The boy cats would love gift cards from Lowe's or Home Depot to help with expenses for all the work done at the shelter.

The girl cats would like gift cards from Pet Supplies Plus and Petsmart or canned food and scoopable litter. One can never have enough.

Refreshments will be served ... for the people attending.

Come visit the cats in their newly decorated themed rooms.

For more information, call Judie at 440-449-3496.

-- Robin Palmer

Thursday, June 11, 2009

"Lost Dog" Lucy may have trekked 100 miles to get home

I read the news today ...

Oh boy ...

Yes, reporters feel this way, too.

The latest story really bothering me is this one about 15 or more sadistic cat-killings south of Miami, Florida, since May 13.

The mere mention of it calls for something sweet.

And if you've seen the heart-wrenching signs stapled to phone poles near Willoughby, pleading for the return of a beautiful dog lost June 2, I have your anecdote:

Lucy's come home.

For the whole story click here.

-- Sandra M. Klepach,

Tuesday, June 9, 2009

"Living With A House Rabbit" class to be held June 20

"Living With A House Rabbit" is the title of an intensive two-hour class given by the Buckeye House Rabbit Society from 1 to 3 p.m. Saturday, June 20, at the South Euclid-Lyndhurst branch of the Cuyahoga County Public Library.

Trust me, if you're an even relatively new house rabbit owner - or better yet, just considering taking the leap - this class will be invaluable, covering all subjects necessary to provide an indoor rabbit a long and happy life, including diet, housing, exercise, toys, rabbit-proofing and introducing bunnies to other family pets.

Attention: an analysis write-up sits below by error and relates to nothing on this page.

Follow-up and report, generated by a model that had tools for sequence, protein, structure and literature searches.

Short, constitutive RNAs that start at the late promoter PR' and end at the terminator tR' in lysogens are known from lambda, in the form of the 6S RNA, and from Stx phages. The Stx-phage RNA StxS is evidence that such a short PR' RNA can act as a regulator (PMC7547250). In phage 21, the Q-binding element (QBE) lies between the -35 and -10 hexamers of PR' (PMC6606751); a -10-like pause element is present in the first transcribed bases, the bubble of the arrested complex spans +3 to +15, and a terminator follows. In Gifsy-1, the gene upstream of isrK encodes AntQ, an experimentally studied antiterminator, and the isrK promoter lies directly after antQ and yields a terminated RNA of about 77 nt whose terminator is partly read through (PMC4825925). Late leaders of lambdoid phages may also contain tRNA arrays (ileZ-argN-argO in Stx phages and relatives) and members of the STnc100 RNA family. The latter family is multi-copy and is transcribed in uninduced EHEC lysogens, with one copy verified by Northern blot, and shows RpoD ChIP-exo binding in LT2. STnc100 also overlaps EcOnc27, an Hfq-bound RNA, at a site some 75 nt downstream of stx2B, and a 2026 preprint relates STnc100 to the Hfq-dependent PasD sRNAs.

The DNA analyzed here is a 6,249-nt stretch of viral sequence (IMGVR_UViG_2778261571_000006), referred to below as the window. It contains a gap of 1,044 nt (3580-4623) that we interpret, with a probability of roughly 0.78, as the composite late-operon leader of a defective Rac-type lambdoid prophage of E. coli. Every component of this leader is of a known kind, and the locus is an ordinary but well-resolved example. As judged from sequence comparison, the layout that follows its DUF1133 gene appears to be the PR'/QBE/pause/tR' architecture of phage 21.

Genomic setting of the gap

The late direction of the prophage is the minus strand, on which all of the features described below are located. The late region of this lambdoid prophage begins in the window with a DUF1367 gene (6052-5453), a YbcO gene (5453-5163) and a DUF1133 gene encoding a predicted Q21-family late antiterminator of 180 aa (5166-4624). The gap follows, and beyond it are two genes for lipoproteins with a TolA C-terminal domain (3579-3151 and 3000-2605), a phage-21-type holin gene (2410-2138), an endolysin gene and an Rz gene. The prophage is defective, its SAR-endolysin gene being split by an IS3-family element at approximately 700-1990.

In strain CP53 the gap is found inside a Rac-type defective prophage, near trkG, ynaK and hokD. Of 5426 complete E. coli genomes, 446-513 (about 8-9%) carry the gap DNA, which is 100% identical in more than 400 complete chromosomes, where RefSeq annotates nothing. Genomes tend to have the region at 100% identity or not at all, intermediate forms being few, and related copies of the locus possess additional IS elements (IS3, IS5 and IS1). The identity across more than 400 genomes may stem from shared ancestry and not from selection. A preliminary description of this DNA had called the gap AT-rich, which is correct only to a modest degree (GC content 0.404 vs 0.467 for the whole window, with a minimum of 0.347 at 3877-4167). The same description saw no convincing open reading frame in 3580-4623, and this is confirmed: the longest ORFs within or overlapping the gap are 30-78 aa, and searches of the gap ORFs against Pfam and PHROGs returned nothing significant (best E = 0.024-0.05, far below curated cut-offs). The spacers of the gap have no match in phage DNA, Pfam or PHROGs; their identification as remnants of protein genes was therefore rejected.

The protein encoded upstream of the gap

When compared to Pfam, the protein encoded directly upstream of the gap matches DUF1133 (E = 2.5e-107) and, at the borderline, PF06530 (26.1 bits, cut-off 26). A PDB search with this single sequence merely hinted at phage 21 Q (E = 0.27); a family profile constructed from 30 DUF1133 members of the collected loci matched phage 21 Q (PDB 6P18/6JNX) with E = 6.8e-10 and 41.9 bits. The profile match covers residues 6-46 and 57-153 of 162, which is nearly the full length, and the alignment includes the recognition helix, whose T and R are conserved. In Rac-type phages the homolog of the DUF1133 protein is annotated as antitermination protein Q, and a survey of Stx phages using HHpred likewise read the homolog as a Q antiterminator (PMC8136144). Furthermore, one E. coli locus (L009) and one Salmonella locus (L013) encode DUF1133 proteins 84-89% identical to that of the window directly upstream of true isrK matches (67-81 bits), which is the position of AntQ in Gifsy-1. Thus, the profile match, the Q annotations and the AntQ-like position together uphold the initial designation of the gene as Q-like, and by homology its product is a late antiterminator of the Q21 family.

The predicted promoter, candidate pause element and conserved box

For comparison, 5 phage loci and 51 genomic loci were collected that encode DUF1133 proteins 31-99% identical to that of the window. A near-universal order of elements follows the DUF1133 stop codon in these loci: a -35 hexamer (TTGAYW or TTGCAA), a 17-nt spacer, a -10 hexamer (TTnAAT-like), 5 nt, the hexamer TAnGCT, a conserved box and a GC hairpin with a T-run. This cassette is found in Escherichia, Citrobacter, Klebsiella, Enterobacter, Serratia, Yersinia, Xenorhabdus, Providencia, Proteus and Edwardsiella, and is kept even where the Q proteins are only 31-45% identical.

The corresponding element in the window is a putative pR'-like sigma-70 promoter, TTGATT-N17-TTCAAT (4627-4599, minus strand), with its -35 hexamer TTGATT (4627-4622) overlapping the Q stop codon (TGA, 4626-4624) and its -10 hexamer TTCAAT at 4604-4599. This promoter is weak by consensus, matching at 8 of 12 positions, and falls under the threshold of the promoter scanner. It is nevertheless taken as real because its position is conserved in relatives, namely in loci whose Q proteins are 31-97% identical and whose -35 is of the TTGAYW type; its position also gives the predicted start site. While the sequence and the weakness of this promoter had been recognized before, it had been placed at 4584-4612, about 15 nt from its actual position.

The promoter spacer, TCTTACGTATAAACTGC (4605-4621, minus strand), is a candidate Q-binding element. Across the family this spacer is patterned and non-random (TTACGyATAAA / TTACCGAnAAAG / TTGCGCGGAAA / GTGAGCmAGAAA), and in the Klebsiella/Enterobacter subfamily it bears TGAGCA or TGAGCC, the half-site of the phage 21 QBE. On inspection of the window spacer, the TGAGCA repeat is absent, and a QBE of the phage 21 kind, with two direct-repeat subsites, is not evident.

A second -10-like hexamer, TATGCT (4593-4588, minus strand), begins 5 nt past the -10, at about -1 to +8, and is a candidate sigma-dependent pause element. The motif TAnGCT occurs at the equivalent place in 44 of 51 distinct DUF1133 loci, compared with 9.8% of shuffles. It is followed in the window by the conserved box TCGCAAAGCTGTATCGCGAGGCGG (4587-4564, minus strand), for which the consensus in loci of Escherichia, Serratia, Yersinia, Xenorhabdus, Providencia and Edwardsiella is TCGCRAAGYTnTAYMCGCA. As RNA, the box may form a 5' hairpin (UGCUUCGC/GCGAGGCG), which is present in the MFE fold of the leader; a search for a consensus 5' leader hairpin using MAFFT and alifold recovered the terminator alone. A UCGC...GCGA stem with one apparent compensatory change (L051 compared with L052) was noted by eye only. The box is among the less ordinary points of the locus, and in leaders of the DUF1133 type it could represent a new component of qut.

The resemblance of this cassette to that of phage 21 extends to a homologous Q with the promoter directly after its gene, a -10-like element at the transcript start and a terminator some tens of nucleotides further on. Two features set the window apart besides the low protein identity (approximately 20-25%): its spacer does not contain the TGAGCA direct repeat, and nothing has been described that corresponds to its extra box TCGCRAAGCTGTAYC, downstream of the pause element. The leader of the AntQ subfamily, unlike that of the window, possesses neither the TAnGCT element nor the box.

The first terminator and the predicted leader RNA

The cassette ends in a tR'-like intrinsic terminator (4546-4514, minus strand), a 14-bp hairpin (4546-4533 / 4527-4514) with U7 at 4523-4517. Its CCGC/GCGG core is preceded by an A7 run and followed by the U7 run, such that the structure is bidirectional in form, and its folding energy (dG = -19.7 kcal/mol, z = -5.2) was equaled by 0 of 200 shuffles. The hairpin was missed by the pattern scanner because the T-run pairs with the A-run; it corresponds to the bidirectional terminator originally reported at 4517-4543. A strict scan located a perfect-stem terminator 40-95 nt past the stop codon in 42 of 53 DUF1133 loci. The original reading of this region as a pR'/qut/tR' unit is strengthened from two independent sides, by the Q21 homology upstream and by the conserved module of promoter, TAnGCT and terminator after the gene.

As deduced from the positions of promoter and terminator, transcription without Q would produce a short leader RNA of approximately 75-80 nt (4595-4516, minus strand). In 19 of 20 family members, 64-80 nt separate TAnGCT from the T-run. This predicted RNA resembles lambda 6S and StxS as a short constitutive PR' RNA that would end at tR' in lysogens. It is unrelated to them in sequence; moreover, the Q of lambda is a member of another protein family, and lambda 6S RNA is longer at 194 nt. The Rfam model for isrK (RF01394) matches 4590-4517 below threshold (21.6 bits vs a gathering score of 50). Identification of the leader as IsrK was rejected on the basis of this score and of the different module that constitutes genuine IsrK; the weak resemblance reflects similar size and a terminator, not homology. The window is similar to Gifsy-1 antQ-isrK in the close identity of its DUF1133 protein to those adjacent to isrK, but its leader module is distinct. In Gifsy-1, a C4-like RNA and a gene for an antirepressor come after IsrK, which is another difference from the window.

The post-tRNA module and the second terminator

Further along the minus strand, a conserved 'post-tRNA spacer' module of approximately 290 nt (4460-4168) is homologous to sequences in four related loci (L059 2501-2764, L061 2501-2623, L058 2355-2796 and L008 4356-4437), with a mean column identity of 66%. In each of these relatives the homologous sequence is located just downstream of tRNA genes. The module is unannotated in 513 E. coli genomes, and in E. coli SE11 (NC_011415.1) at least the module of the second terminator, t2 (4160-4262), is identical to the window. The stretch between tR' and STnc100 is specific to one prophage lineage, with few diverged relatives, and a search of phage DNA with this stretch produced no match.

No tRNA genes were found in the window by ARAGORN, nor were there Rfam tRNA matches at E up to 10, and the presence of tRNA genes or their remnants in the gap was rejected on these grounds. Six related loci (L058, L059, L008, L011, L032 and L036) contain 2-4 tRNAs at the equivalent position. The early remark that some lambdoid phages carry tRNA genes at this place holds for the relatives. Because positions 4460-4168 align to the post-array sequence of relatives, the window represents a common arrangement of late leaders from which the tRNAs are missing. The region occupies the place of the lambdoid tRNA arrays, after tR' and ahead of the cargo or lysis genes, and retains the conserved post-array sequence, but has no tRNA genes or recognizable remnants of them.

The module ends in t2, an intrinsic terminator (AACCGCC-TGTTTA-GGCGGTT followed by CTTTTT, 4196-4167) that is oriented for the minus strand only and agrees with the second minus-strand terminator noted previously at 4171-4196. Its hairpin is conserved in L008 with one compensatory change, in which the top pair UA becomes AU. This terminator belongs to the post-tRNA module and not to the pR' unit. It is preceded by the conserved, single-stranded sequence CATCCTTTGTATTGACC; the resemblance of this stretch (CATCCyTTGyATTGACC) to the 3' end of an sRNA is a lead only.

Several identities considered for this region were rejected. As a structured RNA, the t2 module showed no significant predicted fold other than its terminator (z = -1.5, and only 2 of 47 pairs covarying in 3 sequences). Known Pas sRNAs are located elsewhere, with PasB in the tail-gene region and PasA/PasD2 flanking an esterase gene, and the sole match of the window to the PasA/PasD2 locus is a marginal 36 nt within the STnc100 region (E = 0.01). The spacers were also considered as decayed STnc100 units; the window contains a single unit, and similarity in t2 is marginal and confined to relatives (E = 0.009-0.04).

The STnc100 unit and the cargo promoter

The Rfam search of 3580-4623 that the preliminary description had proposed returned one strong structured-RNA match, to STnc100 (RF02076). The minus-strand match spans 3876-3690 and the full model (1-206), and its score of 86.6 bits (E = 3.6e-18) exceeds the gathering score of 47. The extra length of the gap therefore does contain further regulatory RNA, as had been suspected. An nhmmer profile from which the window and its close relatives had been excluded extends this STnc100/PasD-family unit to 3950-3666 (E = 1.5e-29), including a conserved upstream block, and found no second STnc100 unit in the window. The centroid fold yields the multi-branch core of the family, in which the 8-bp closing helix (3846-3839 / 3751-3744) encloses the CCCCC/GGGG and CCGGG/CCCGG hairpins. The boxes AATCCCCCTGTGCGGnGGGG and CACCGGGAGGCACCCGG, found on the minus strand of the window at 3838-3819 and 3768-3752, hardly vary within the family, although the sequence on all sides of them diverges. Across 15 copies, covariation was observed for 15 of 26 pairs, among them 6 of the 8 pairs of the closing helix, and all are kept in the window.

Information on adoptable rabbits will also be available, but I'd advise taking this class first.

Sponsored by the Friends of the South Euclid-Lyndhurst Library, "Living With A House Rabbi" is free and open to adults and children ages 10 and older. Registration is requested by calling 216-382-4880. The library is located at 4645 Mayfield Road in South Euclid, between Richmond and Green roads.

-- Sandra M. Klepach,

Mama Cat and four kittens seeking a home in WH

Willoughby Hills Recreation Coordinator Leslie Harmon reports that a stray mother cat and her four kittens wandered into the yard of an elderly resident a few days ago.

The woman called all the local shelters and there's no room. She is taking care of them for a few days, but with two cats of her own, her resources are limited.

Separate homes would be fine, she says, although they should all visit a vet, and Mama Cat will also need a home.

If you're interested, please call Leslie either at 440-975-3540 or her cell at 440-221-5950. If you're not, please spread the word. Thank you.

-- Sandra M. Klepach,

Wednesday, June 3, 2009

Pet purchases help blind